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February 25, 2018

By: Leah S. Mannweiler and Meghan M. Linvill McNab

On February 9, 2018, both the House and the Senate voted to pass, and President  Trump signed into law, the Bi-Partisan Budget Act of 2018 (the “Act”, House Resolution 1892).  Most notably this Act extends federal appropriations through March 23, 2018, preventing government shutdown for another month.  The Act also makes numerous healthcare related changes for both Medicare and Medicaid, one being that it delays the cut in Medicaid payments to Disproportionate Share Hospitals (“DSH”) for two more years.  

The Affordable Care Act (“ACA”) originally required aggregate reductions to state Medicaid DSH allotments annually beginning in fiscal year (“FY”) 2014 through FY 2020. The original intent behind the DSH reductions starting in 2014, was that the mandatory expansion of Medicaid under the ACA starting in 2014 would lower the number of uninsured patients treated by DSH hospitals and therefore lower the amount of the hospitals uncompensated care costs.  

However, in 2012 the U.S. Supreme Court made the expansion of Medicaid optional rather than mandatory for States (NFIB v. Sebelius 567 US 519 (2012)).  Therefore, the states that chose not to expand would have still lost a portion of their DSH funding under the DSH reduction, without benefiting from an increase in Medicaid patients due to expansion.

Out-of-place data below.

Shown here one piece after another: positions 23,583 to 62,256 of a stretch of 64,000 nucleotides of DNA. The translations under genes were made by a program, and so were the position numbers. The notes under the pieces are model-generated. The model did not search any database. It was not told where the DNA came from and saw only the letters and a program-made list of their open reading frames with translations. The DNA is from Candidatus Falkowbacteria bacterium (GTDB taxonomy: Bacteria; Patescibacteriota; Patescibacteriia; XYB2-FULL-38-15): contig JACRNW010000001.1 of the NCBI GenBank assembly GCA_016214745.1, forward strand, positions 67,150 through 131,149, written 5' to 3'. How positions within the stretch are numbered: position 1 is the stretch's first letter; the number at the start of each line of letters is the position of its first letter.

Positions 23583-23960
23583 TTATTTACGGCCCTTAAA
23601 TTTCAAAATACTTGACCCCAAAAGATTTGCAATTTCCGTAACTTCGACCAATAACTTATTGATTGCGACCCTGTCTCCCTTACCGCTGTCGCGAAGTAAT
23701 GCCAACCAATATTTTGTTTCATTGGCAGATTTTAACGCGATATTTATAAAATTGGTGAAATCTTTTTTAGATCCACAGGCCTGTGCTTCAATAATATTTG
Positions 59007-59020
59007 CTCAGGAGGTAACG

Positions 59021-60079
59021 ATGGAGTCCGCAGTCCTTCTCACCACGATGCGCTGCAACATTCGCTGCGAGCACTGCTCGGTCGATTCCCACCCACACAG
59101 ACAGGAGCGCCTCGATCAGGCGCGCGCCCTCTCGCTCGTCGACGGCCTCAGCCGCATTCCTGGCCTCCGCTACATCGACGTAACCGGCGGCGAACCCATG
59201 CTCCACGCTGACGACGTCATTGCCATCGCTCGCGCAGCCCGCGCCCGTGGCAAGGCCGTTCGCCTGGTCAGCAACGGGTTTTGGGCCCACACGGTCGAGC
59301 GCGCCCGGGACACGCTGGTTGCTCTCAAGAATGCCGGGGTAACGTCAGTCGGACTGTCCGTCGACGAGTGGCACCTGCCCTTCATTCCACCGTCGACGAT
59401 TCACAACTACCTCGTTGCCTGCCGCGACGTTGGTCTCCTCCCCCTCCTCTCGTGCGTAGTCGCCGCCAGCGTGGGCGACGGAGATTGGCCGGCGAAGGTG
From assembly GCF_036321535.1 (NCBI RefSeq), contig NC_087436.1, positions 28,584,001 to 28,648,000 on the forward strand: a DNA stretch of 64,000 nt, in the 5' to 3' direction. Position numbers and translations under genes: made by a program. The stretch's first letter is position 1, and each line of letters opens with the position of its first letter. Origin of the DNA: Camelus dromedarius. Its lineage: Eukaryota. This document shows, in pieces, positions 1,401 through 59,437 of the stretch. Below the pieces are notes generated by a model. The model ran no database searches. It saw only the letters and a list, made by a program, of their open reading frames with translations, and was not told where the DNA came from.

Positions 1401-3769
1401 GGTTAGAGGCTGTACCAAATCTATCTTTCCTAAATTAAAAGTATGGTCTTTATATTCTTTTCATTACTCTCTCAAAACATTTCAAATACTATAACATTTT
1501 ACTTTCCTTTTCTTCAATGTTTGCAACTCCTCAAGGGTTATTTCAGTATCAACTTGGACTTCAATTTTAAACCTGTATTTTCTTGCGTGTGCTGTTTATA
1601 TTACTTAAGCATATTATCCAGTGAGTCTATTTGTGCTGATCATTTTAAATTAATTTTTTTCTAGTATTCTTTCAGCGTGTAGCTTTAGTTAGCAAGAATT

Congress has been gradually delaying the DSH reductions over the past few years, beginning with the Bipartisan Budget Act of 2013 (wherein Congress delayed the DSH reductions from FY 2014-2020 to FY 2016-2020), and then again more recently a delay to FY 2018 through FY 2025 (see Soc. Security Act 1923(f)(7)(A)).  The Act again delays the DSH reduction for FY 2018 and FY 2019, with the reductions starting in FY 2020 at $4 billion, and then sharply increasing the cuts to $8 billion for fiscal years 2021 through 2025 to make up for the most recent 2 year delay (Sect. 53101 of the Act).

House Resolution 1892 is available here.

If you have any questions related to planned DSH payment reductions and its impact on your facility, please contact Leah S. Mannweiler at, Meghan M. Linvill McNab at, or your regular Krieg DeVault attorney.